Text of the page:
Court of Love

The history of the Court of Love can be studied using the works of authorities like Andreas Capellanus, the 12th century author who wrote De Amore, and the poet Martial d’Auvergne (1420 - 1508).

Court of Love in Provence

A Court of Love in Provence - 14th Century

Besides these authors, the poems of the troubadours bear testimony to the existence of these courts. The Court of Love is mentioned as early as the time of William of Poitou, the first troubadour whose works have been preserved.

Of these courts, the most celebrated were those of Eleanor of Aquitaine, of the ladies of Gascony, of the Viscountess of Narbonne, of the Countess of Champagne, and of the Countess of Flanders. The first three, the most celebrated, were in the English dominions. They exercised a wide jurisdiction over the neighbouring districts, and to them were also submitted the disputes of the English troubadours and their lady-loves. There were also several courts in Provence, the most famous being those of Pierrefeu, Signe, Romanin, and Avignon.

The lyric poems of dispute, the tensons, frequently mention the courts, which were supposed to solve differendums in a loyal and honest manner.

According to Jean de Nostredame, the younger brother of Michel de Nostredame, the tensons were disputes on points of love between troubadours and ladies. “In this,” he notes, “if they could not come to an agreement, they referred the matter for decision to the illustrious lady presidents who held open and plenary court at the Castle of Signs, and other places, and these gave judgments which were called the judgments of Love.”

In such castles, the most celebrated, accomplished, and beautiful ladies formed tribunals of judgment. They deliberated and passed sentence according to the usages of love. Nostredame declares that he saw the sentences of some of these tribunals written in magnificent books of vellum.

The object of the Court of Love was to legislate on all questions regarding love, to settle disputes between lovers, to pass sentence on any lover who was in the wrong, and generally to establish a system of jurisprudence, which would be useful in solving problems which might arise between lovers, thus leaving the tribunals only as a last resort.

How a court of love was constituted

The rule was that all the ladies who composed the courts should be married or widows. The names of the ladies who judged at some of these courts have been preserved. The lists of the courts of Romanin, Avignon and elsewhere show that nearly all the ladies who acted as judges were married ladies. /

In the court of the ladies of Romanin there was only one name of an unmarried lady, Hugonne de Sabran, daughter of the Comte de Forcalquier. In the court of the ladies of Pierrefeu perhaps one name may likewise be supposed to be that of a spinster.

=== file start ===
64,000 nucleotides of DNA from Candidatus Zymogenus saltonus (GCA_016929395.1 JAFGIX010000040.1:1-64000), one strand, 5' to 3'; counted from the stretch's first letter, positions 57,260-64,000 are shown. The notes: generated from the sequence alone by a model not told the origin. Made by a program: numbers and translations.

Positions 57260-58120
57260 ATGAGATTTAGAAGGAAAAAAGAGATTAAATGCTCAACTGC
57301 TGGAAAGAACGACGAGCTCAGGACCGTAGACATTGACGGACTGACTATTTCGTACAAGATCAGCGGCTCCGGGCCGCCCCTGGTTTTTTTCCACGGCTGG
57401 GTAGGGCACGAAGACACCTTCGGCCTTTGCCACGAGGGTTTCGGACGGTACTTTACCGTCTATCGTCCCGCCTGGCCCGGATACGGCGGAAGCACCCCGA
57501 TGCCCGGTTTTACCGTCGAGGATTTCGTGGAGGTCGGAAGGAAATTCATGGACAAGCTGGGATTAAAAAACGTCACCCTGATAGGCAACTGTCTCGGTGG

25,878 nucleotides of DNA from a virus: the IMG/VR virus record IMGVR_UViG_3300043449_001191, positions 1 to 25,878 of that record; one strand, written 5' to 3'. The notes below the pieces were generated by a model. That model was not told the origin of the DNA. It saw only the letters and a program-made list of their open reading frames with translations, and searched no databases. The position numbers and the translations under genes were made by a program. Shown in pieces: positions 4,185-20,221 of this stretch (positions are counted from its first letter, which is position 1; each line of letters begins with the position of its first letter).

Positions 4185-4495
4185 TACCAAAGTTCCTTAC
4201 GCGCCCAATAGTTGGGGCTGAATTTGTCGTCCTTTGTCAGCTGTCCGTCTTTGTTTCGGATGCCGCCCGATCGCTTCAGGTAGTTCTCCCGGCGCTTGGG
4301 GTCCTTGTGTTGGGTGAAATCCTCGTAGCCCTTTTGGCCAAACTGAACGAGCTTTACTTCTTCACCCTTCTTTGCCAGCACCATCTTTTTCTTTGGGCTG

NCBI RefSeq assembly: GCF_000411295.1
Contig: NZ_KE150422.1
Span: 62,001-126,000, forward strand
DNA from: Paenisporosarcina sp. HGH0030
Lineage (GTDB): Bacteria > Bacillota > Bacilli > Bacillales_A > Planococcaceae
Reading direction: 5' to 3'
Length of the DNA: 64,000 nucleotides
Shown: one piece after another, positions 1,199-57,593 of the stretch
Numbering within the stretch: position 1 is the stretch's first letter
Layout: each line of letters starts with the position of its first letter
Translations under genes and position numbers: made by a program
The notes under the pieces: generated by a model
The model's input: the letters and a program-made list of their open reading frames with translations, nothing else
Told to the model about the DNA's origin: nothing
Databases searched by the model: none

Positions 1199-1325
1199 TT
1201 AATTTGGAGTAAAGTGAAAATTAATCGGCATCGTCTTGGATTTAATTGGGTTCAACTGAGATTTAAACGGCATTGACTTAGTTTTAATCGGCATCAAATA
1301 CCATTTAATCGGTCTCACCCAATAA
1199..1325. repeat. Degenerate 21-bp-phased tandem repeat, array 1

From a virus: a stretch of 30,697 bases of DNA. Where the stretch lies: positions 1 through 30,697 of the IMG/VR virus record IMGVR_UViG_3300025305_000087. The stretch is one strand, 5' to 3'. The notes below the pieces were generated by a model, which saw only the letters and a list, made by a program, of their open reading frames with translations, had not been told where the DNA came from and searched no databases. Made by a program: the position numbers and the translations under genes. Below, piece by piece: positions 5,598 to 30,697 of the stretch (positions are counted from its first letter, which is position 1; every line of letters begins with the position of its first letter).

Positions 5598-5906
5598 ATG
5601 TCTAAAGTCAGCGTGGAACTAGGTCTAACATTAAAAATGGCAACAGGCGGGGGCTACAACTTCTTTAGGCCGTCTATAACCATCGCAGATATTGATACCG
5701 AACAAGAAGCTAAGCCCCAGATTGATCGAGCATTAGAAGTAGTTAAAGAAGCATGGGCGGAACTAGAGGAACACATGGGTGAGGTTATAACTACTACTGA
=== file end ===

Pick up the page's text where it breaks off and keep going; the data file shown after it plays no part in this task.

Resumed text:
Another principle of selection was that they should belong to the high noblesse of their district. At Pierrefeu, the majority of the ladies were the wives or widows of feudal seigneurs, while a countess, a viscountess, and the daughter of a count were found in the ranks of the jurors.

It appears that there was no exact regulation regarding the number of ladies in a court of love. Regarding that of the Countess of Champagne, we read of “a very large number of ladies.” On special occasions, the number could be very high. No less than sixty ladies are mentioned as having met to consider an important case connected with a lady’s behaviour to a nobleman of rank. As a general estimate, the number of ladies in the court ranged from ten to sixty, and most of the time was probably of an average of these numbers.

The court of love was not always composed exclusively of ladies. Upon request, as in the case of the troubadour Guillaume de Bergedan, the trial could be held by the seigneur of the district, who pronounced the decree necessary “with the advice of his council,” composed of gentlemen like himself. But such cases were exceptions, and the general rule requested that the judges be chosen from the ladies of the district, with one of them appointed the president.

A court of love took its name from the leading lady, who was the highest authority, and we know of the Court of Eleanor of Aquitaine, the Court of the Countess of Champagne, and so on.

Method of procedure

To obtain the verdict, the complete assent of all the ladies present was necessary. We hear of a dispute judged by the court of the ladies of Gascony, which was “resolved, with the assent of the whole court.” The leading lady of the district had to summon a sufficient number of ladies who were specially chosen for the function, and were the recognized members of the court. Once the court of love was appointed, the ladies met to hear the complaint made and the cause pleaded in due form before them.

To conclude, the court of love tried to legislate upon all questions concerned with what was at the time a subject of culture, art, and elegance: love.